Police officer jailed after trying to arrange abuse of child

·3-min read

A police officer has been jailed after he was caught trying to arrange the abuse of an eight-year-old girl.

Lee Cunliffe was jailed for eight years and four months after pleading guilty to arranging the commission of a child sex offence, perverting the course of justice, misconduct in a public office, distributing indecent photos of a child, and three counts of making indecent photos.

The 40-year-old from Wigan had been a serving officer with Greater Manchester Police in September 2020 when he began messaging a woman he believed was the mother of an eight-year-old girl on instant messaging app Kik.

Liverpool Crown Court heard that Cunliffe told the "mother", who was actually an undercover officer for the Met Police, that he would come to London to sexually abuse her daughter.

Messages sent from police-owned computer

Prosecutor Arthur Gibson told the court that Cunliffe, a 17-year police veteran, had sent some of the messages from a police-owned computer at Swinton police station.

Cunliffe, a married father, was arrested in October 2020.

When his home was searched, officers found a laptop he had used to find indecent images of children.

These included images of a teenage girl who had made a complaint to Greater Manchester Police in 2018, Mr Gibson said.

The girl alleged her boyfriend had taken the images of her and shared them without her knowledge.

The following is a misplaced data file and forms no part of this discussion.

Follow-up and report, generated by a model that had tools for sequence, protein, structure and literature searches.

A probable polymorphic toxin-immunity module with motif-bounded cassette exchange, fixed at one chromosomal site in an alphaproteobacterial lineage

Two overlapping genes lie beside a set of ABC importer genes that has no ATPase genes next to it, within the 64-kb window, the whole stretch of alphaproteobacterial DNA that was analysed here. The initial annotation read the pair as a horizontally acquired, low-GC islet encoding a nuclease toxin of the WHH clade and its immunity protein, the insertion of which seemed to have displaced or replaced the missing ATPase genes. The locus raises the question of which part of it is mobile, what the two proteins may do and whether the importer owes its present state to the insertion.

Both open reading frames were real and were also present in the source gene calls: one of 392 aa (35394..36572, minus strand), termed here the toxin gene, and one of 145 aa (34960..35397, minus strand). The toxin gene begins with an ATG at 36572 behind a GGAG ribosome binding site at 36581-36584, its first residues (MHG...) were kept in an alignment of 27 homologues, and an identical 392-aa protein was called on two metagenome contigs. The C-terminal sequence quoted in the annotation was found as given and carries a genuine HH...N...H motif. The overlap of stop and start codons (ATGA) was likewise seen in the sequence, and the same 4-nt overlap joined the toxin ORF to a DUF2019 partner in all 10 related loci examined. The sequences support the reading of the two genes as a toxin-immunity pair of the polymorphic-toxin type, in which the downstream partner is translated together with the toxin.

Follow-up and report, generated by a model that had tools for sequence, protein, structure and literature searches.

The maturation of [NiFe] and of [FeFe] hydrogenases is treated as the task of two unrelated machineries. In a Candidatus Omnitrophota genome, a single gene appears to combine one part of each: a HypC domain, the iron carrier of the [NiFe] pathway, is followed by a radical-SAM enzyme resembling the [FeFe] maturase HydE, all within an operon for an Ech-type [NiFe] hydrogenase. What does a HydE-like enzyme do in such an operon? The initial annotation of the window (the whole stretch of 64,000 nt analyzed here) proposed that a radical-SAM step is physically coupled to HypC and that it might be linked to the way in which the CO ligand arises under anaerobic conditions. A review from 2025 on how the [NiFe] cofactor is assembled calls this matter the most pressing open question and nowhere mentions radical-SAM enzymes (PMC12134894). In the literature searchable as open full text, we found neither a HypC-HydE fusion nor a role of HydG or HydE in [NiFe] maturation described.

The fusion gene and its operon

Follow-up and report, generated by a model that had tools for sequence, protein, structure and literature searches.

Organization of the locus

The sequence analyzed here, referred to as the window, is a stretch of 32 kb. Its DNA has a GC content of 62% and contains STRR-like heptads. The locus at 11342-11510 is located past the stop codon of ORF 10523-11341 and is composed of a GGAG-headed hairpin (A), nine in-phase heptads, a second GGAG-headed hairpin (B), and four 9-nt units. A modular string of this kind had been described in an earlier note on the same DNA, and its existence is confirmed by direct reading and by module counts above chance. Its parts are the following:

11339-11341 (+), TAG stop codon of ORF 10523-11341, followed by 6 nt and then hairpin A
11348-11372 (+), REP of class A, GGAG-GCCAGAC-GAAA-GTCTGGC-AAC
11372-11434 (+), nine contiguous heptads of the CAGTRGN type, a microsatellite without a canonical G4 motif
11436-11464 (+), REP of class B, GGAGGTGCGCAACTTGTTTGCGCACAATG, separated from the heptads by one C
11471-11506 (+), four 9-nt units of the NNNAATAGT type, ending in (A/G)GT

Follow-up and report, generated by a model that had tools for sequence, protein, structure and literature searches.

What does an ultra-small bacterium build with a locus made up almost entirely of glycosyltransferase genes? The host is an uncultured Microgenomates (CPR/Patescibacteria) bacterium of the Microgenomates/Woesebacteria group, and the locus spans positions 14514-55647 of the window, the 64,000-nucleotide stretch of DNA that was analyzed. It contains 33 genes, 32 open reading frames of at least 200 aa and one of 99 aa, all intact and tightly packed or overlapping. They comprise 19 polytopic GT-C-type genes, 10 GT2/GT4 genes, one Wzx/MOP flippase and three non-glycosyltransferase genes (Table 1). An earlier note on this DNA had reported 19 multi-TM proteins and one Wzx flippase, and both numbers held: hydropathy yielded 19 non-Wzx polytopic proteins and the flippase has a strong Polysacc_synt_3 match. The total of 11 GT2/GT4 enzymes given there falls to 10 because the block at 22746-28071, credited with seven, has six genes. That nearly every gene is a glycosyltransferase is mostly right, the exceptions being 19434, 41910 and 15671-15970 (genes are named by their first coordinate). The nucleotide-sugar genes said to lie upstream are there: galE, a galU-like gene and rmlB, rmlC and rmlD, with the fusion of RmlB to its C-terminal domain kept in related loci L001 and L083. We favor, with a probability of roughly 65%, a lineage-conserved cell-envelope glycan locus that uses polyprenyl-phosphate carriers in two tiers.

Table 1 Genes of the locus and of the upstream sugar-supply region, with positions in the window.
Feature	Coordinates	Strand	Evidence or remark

Cunliffe, a trainee detective, had been given the case.

The suspect was arrested and his computer and phone were seized, and Cunliffe later wrote in the crime log that they contained nothing relating to the offence.

But Mr Gibson said both devices still contained 227 accessible indecent images of children.

Despite this, the computer containing the images was returned to the suspect and no further action was taken.

Recorder of Liverpool, Judge Andrew Menary QC, said: "What you did in relation to this girl and this case is shocking and strikes at the very heart of that foundation of trust that the public have invested in the police service."

"Why should she ever trust the police ever again?"

Judge Menary said the teenager's complaint was not properly pursued and she "remained seriously at risk of further disclosure".

He added: "The question, frankly, is this: why should she ever trust the police ever again about anything?"

Cunliffe's own laptop had evidence of files from between 2014 and 2018 showing what Mr Gibson described as "an interest in child pornography and the sexual abuse of children".

He said: "However, there is some evidence to suggest that he recognised this and was in a state of turmoil about it."

A notebook found in his home had entries saying he had a sex and porn addiction and was receiving counselling.

Julian King, defending, said Cunliffe had been seeing a psychotherapist and had been diagnosed with compulsive sexual behaviour disorder.

Deputy Chief Constable of GMP Terry Woods said: "Cunliffe's actions were absolutely inexcusable and have undermined the very essence of policing's core value of protecting the public and helping those in need.

"We expect our officers and staff to uphold the highest standards and Cunliffe's deplorable behaviour fell well below what was expected of him - he both abused his position at GMP and attempted to act on his own sexual gratification."

Disciplinary action under the Police Conduct Regulations will follow, a force spokesman said.

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